Anyssa Garza received her PharmD degree from the University of Texas at Austin. She was later recognized for her research contributions in the area of alcohol dependence. She went on to act as director of pharmacy for a Central Texas Department of Aging and Disability facility where she provided care for underserved patients. Dr. Garza is currently working as the director of Life Sciences Library at RxWiki, where she continues to build on the fundamental belief that providing patients with medication information contributes significantly to the quality of care they receive and improves health outcomes through medication adherence. Dr. Garzaâ€™s work focuses on providing patients with the resources needed to navigate the overwhelming and complex health system and care issues.
Patients have a misconception that OTC medications are safe and do not have any associated risks. However, if patients do not read the package labeling on decongestant nasal sprays, then they can easily get caught in a vicious cycle where they are unable to wean themselves off of the nasal spray due to the severity of their nasal congestion.
Rhinitis medicamentosa, otherwise known as rebound congestion, can occur if nasal decongestant nasal sprays are not used properly and are taken longer than 3 days.
Decongestant nasal sprays relieve nasal congestion by constricting the blood vessels opening up the nasal airway. Rebound congestion is the result of abnormal swelling of the nasal mucosa, which then blocks the nasal passages, leading to the inability to breathe.
This congestion can only be alleviated by the continuous use of the nasal spray. This is how the cycle begins.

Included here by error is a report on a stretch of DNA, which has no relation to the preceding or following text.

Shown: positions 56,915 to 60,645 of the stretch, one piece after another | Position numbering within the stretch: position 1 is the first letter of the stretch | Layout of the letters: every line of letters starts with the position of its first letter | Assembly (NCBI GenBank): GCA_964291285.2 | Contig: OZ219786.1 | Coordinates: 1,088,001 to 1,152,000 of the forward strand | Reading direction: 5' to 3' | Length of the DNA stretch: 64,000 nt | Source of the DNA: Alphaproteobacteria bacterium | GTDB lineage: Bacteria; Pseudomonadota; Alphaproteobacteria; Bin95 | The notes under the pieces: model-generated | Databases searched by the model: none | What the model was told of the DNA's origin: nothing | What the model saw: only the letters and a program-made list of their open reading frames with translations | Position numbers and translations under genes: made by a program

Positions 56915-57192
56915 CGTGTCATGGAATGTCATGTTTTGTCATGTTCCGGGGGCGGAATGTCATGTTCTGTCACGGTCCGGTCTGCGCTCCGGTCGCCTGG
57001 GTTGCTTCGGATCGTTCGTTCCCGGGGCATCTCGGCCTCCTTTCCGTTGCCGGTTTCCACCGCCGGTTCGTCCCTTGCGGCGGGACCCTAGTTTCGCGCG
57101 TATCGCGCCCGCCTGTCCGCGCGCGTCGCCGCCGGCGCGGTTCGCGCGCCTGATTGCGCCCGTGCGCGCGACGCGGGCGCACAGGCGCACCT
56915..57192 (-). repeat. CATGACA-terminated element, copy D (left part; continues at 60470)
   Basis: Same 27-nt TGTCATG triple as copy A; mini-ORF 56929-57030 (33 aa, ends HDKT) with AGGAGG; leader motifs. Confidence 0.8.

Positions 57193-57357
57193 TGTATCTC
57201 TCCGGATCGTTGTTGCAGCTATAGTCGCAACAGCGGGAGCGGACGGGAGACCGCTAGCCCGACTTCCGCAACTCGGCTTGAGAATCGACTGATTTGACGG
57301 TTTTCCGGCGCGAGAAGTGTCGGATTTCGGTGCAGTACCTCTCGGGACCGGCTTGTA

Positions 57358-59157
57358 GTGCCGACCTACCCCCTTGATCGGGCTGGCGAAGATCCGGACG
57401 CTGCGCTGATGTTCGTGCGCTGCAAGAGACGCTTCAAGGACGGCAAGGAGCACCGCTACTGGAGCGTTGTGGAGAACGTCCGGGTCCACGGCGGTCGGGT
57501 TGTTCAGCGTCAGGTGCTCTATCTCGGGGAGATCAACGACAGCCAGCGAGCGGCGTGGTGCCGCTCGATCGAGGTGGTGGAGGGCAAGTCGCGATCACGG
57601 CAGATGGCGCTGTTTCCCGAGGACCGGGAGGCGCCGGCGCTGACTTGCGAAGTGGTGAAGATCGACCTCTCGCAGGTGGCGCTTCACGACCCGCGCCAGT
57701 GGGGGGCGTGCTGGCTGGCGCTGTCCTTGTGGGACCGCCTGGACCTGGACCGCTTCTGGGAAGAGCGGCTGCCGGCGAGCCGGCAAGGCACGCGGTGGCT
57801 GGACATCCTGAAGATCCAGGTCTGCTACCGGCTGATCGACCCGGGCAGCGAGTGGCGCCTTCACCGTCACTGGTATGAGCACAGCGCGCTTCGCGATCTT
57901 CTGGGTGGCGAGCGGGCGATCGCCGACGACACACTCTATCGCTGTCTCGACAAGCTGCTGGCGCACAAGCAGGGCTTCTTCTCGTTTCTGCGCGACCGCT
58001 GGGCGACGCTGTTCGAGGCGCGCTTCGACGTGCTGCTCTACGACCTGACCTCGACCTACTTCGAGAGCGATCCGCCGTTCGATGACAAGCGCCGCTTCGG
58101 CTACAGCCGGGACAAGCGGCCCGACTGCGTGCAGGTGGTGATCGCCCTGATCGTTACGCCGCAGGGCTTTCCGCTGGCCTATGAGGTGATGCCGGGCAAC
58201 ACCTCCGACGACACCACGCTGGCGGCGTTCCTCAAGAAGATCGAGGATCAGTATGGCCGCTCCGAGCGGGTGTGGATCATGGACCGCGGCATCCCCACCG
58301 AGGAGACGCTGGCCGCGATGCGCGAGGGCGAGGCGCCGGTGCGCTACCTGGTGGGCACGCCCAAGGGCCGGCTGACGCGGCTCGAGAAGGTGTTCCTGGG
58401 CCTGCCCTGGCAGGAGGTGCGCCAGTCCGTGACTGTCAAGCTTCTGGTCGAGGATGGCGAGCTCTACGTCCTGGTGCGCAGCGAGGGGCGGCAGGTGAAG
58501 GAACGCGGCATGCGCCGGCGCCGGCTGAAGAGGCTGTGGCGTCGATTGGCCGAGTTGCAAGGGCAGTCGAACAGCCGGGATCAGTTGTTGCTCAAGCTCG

Because decongestant nasal sprays like Afrin are accessible to many, it is possible that many patients a) are not reading the drug label, b) do not understand the label, and/or c) do not know the severity of the consequence of rebound congestion. As a result, rebound congestion may be affecting these patients and can easily go unrecognized.
How is rebound congestion treated?
Following prolonged use of decongestant nasal sprays, it can be very difficult and frustrating for patients to stop using the products. Typically, patients seek treatment from their physicians and will usually be prescribed steroids in addition to discontinuing the use of the decongestant nasal spray.
However, there is also a product marketed under the name RhinoStat that is a dosage titration system designed to gradually wean patients off of decongestant nasal sprays, rather than discontinuing the sprays abruptly, which can be uncomfortable and difficult for patients, and in turn, lead them to restart their use of the sprays.
The dosage titration system works by reducing the concentration of the decongestant nasal spray by 15% each day until the patient is weaned. RhinoStat can be used in combination with steroids or alone if steroids are contraindicated.
Although the product seems to offer a more confortable way to wean patients off of decongestant nasal spray, pharmacists will need to continue to educate patients on the proper use of decongestant nasal sprays. Rebound congestion is a complex problem, but it can be prevented.